Jul 20 2021
(IPS) – The third wave of Covid-19 is sweeping through Myanmar, from the high
narrow buildings of the commercial capital Yangon to bamboo houses in rural
Ma Ni, not
her real name, caught the virus in Yangon, infected by her husband and son. But
no members of the family show up in the official numbers because they preferred
to buy a home test instead of going to a hospital or a quarantine centre.
seven days with COVID now,” 34-year-old Ma Ni says. “My husband needs oxygen,
but we cannot get it … I hope God will save us.”
family is not alone. According to the military’s Ministry of Health, Myanmar
recorded 3,461 new cases of COVID-19 and 82 deaths on July 11 alone.
since the pandemic first struck, Myanmar has reported almost 4,000 deaths.
Videos circulating on social networks show a dramatic increase in the number of
bodies taken to Yangon’s crematorium.
numbers, although certainly under-reported, are far lower than they were in
Europe, the US or India, but they are growing. Moreover, the impact of COVID-19
has been compounded by the aftermath of the military coup on February 1 that
ousted elected leader Aung San Suu Kyi and triggered nationwide protests,
resulting in more than 900 deaths and thousands of prisoners, according to the
Assistance Association for Political Prisoners, an NGO based in Thailand.
result, hundreds of panicking citizens are shying away from testing and
quarantine facilities perceived as mismanaged by the unpopular military.
die than go to a military hospital,” Ko Moe, again not a real name, tells IPS.
“I don’t trust them, and given my work as a volunteer ambulance driver, they
might arrest me for helping the protestors.”
military is trying to stop private initiatives, even shooting to disperse a
crowd queuing to refill oxygen tanks. It is also forbidding producers to
distribute oxygen to ineligible citizens, saying people are hoarding it
people think otherwise. Deep inside the country, in the city of Taunggyi, Shan
State, a doctor interviewed by IPS says people are organising themselves
autonomously to cope with the emergency because the health system has collapsed.
now, things look still normal here but … many donors and well-wishers have set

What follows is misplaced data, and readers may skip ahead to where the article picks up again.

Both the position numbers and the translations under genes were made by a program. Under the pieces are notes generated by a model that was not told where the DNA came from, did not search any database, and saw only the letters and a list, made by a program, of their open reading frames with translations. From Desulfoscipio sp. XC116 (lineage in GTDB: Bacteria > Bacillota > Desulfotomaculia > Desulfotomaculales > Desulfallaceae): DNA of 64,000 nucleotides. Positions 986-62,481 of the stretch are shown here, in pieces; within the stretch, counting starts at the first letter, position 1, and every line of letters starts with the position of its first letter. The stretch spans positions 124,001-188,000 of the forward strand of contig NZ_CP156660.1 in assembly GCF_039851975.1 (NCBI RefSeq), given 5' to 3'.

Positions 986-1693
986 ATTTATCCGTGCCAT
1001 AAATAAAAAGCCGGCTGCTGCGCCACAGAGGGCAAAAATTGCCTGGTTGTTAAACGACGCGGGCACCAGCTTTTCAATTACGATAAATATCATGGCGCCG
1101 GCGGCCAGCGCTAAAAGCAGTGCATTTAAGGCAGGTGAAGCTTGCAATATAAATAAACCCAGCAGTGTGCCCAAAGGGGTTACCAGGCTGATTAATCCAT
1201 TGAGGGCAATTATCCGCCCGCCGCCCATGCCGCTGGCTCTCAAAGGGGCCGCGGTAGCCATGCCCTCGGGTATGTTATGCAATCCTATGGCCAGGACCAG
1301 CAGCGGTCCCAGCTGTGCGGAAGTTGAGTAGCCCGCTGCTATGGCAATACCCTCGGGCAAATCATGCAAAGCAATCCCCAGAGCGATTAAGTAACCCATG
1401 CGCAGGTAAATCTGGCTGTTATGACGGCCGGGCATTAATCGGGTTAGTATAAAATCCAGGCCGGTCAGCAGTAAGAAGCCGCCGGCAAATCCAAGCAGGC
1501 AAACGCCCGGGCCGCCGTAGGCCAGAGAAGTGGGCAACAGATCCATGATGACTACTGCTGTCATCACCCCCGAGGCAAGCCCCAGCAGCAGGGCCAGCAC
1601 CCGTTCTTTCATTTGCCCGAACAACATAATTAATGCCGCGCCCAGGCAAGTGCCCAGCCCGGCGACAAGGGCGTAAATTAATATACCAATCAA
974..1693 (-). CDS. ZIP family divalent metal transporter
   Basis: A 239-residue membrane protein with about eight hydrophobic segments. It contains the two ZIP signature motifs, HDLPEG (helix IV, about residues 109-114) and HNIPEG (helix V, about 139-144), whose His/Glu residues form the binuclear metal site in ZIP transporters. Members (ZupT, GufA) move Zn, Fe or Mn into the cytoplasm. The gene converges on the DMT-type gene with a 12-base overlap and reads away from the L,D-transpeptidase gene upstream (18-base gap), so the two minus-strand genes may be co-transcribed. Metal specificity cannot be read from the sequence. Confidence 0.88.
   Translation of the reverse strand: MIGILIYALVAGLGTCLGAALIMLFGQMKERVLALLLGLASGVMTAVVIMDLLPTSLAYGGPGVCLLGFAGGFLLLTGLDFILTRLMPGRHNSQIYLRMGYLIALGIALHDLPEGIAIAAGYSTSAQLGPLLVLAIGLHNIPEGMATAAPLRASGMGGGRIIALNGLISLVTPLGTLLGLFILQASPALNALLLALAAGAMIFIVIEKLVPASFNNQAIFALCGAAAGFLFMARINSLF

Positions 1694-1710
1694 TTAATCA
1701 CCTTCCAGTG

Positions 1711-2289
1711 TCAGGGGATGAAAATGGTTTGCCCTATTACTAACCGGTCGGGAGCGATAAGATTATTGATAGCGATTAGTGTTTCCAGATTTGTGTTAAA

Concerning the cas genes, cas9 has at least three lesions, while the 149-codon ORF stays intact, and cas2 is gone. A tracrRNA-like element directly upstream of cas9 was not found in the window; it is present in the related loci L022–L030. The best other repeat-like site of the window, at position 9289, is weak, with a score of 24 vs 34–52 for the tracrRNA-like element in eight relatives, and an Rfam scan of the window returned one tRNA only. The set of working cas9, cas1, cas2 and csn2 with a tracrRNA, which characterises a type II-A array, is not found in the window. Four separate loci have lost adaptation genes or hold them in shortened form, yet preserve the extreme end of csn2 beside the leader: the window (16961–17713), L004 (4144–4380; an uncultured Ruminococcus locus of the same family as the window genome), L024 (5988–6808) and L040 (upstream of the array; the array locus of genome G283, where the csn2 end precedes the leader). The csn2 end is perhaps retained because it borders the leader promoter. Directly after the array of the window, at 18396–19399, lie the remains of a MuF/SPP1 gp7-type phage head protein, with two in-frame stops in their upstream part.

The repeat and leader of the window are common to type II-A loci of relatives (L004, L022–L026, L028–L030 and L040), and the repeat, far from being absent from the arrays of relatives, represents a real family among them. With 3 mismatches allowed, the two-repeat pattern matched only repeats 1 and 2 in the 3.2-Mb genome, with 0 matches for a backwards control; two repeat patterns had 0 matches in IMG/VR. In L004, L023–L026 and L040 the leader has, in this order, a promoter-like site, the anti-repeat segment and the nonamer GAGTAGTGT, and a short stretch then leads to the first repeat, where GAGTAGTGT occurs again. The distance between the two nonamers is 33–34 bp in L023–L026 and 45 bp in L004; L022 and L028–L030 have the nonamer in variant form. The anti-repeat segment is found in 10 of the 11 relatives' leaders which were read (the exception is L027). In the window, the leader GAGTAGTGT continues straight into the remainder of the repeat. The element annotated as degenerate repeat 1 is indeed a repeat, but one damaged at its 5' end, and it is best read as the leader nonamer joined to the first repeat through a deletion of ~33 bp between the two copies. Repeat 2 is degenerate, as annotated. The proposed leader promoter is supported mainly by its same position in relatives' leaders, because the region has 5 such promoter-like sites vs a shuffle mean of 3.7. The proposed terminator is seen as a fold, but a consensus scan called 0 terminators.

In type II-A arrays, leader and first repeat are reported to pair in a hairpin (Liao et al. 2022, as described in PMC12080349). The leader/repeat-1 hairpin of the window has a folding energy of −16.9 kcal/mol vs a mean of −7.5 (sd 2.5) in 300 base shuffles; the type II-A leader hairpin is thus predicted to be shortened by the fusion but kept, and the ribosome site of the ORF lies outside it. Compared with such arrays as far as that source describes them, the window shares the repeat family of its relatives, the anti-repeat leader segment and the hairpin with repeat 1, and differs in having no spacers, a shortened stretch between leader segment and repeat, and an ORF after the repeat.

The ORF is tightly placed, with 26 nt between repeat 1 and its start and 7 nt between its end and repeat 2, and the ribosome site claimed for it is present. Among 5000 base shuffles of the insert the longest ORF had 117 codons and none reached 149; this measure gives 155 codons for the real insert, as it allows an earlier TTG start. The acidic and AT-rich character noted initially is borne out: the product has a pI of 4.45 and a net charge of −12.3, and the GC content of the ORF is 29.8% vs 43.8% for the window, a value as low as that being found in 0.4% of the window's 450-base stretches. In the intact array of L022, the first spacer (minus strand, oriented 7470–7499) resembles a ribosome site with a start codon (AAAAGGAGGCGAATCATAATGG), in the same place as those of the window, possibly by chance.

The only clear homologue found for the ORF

up a committee to install oxygen plants by themselves to help the people in the
city and the small villages around Taunggyi,” she tells IPS.
are expressed all over social networks and emotional appeals for help from the
international community or obituaries of loved ones who succumbed to the virus.
also the flu season, which many, feeling abandoned by the State or unable to
afford private facilities, mistake for COVID.
situation is pretty chaotic. There have been many outbreaks of COVID but also
of seasonal flu, in major cities and rural regions,” another doctor working for
a private hospital in Yangon tells IPS on condition of anonymity. “People are
frustrated for not getting efficient medical care from the authorities, while
general hospitals cannot operate on a full scale since the majority of civil
service doctors have joined the disobedience movement and there are only a few
doctors and nurses left,” he says.
only a small percentage of citizens have been vaccinated against the virus. The
ongoing protests that started in February have crammed prisons with political
prisoners, turning the repression into an epicentre of the outbreak.
recent trip to Russia, junta leader General Min Aung Hlaing announced the
purchase of 5 million doses of the Sputnik vaccine. However, it may be too
little, too late to avoid an unprecedented health crisis in a country of over
54 million people only partly controlled by the military.
international community is also accused of not helping, having been already
stigmatised for failing to do anything to support Burmese citizens during the
coup, beyond statements of condemnation.
The UN special
rapporteur for Myanmar Tom Andrews told the Human Rights Commission on July 13
that the junta lacks the “capabilities and the legitimacy to bring this crisis
under control”. And the lack of trust in the military makes this crisis
“particularly lethal”, he said.
from the opposition ‘Milk Tea Alliance Burma’ expressed the sentiment of the
public in a Tweet: “Last year, the pandemic was contained successfully in
Myanmar because of collective efforts of everyone. DASSK (Aung San Suu Kyi) was
influencing the public well, holding campaigns to make cloth masks, the public
followed the instructions well, they masked up and stayed at home without
population mistrustful of the military and pro-democracy protests continuing,
albeit on a much smaller scale, rules are often overlooked.
app tracing people’s movements shows that the situation is back to the pre-coup
situation in terms of traffic and crowds in the streets. Many shops may appear
to be closed from the outside but are working at normal capacity behind. Masks
are usually left at home.
military has a history of resistance to international aid despite being
unequipped to deal with an emergency, as happened in the disastrous aftermath
of cyclone Nargis in 2008. The junta is unlikely to change its isolationist
stance now, and international help may well be limited, according to a diplomat
in Yangon, interviewed by IPS.
not going to change anything for the junta, it’s taking people’s minds off the
revolution, so it’s not such a bad thing for the military,” he says, asking not
to be named for security reasons.